While the war affected all of Guatemala, the key target region when Ríos Montt was in charge was specific: the Ixil Triangle. This mountainous area is home to one of Guatemala’s 21 Mayan groups, the Ixil, who are known for their maroon dress and colorful head scarves.

Felipe Brito, a 34-year-old Ixil Mayan, was 5 when his highland town of Nebaj became a killing ground. Like 30,000 other Ixiles, when the army started murdering neighbors, Brito fled with his family to the mountains. They returned two years later to find villages razed and survivors traumatized. 

“What didn’t the army do here?” Brito said. “We’d find mass graves. … [Soldiers] murdered women, butchered their breasts, [and] sometimes killed their children in front of them.”

He said the Ixiles knew they had been fatally labeled as “subversives” for arguing for their rights. He said he blames Ríos Montt for the attacks: “Under Ríos Montt’s government, the army had plans to destroy all the Ixiles. … This was a war against the Ixiles.”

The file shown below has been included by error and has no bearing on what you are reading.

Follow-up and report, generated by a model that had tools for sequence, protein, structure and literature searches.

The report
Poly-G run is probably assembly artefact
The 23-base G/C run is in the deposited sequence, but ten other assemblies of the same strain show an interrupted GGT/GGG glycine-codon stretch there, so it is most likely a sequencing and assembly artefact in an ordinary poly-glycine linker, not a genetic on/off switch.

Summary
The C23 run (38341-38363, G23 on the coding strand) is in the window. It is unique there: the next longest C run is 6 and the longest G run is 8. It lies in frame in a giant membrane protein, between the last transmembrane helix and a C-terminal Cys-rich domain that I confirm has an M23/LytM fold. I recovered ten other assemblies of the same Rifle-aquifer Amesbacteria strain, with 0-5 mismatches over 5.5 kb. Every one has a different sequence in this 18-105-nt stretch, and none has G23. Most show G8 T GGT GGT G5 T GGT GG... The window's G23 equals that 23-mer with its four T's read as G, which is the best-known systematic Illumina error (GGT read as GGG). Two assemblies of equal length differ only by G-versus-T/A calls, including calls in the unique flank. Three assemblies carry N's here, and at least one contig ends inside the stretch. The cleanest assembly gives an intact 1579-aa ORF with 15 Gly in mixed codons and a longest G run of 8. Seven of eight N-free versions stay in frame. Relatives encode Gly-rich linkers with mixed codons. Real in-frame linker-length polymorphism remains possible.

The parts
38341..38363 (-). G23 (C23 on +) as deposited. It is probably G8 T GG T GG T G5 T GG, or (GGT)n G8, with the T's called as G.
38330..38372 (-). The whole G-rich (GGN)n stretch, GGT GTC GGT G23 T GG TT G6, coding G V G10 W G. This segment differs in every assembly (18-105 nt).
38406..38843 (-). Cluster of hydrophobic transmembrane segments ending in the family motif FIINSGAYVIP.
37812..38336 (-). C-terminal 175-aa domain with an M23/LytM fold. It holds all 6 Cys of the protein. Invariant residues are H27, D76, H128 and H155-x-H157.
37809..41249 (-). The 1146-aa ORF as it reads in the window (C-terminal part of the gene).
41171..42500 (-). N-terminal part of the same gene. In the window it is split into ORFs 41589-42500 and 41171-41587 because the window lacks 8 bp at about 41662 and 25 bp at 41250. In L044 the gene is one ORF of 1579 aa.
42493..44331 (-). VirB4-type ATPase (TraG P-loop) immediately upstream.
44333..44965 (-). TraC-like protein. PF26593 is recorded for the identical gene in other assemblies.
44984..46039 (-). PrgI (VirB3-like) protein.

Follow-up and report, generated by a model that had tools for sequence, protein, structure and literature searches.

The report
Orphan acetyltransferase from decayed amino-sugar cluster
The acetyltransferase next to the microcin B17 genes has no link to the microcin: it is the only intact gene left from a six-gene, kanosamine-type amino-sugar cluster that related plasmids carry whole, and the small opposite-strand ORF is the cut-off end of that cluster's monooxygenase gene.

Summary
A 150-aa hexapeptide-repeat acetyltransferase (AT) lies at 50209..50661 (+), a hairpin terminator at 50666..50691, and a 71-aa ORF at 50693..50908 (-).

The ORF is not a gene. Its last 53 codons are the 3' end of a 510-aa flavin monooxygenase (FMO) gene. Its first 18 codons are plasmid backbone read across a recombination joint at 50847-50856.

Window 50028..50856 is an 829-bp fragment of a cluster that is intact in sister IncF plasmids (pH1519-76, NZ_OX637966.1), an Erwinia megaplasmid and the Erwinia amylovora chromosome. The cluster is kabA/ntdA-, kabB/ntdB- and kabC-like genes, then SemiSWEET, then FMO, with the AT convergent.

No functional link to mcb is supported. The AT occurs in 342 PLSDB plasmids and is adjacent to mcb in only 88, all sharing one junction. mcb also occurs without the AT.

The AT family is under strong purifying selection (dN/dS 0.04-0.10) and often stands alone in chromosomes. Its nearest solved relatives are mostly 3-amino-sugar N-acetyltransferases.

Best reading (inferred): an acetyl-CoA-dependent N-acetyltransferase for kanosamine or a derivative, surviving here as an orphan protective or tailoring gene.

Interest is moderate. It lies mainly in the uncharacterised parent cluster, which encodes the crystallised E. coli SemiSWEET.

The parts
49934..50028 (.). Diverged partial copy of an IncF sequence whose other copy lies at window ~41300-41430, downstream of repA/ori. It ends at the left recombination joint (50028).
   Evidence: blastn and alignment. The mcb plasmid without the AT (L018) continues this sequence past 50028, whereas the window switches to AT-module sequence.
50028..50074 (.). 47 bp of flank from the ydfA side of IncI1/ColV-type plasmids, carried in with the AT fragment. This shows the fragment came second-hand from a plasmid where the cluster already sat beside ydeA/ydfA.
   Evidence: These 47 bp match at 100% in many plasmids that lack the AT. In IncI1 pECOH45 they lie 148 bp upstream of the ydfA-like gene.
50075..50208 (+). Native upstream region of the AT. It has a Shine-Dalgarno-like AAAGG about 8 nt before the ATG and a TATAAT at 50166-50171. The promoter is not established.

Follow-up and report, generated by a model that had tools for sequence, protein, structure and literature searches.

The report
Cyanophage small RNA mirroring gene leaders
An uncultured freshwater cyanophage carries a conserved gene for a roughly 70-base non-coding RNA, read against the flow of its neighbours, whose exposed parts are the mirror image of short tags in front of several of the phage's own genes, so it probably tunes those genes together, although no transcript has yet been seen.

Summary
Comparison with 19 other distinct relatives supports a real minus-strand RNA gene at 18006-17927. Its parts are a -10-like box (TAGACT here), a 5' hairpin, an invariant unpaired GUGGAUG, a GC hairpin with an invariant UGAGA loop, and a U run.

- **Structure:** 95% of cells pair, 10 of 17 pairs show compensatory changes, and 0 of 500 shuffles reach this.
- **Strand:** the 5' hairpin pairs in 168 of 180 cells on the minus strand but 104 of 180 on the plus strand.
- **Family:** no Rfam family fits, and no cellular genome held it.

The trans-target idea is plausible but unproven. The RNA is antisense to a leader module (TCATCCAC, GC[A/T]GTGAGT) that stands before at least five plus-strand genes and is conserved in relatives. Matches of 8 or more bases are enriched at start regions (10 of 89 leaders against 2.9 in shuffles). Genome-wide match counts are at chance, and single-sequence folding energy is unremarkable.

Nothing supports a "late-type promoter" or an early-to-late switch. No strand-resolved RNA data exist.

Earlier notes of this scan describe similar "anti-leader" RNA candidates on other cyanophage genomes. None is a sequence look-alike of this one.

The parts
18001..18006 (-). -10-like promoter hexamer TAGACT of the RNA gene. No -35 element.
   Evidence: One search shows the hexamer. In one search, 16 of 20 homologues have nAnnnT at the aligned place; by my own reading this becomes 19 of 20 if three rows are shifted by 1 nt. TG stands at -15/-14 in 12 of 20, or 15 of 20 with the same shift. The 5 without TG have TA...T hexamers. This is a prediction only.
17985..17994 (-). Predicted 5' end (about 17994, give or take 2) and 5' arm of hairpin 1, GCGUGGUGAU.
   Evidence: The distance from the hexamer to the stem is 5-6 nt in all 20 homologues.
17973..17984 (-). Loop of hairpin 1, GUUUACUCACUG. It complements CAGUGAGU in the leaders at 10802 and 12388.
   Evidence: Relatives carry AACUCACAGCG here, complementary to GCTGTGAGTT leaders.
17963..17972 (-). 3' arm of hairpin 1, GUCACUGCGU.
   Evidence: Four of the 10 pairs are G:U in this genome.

Thirty years later, the prosecution finally has hundreds of pages of original military documents to prove such plans existed. Kate Doyle, director of the National Security Archive’s Guatemala Project at The George Washington University in Washington, D.C., outlines key military strategies named Plan Victoria and Operation Sofía. The latter, which was leaked to her in 2009 and has since become key evidence, contains the most explicit military planning behind the scorched-earth sweeps carried out in the Ixil region in July and August 1982. 

 Ríos Montt’s defense team holds that although the massacres took place, he did not orchestrate them.

Efraín Ríos Montt 4

Ex-dictator Efraín Ríos Montt, will be tried for genocide and human rights violations.


Having spent years tracking the evidence, Doyle insists that is impossible: “[Operation] Sofía reflects the military chain of command beginning in Guatemala City, with the commander-in-chief of the armed forces, Ríos Montt, … and the way in which that order went out to [local] commanders to create this plan and carry it out.”  

“Pretending now they didn’t know,” Brito said, “is like playing the fool, because they don’t know how to deal with the damage they did here.”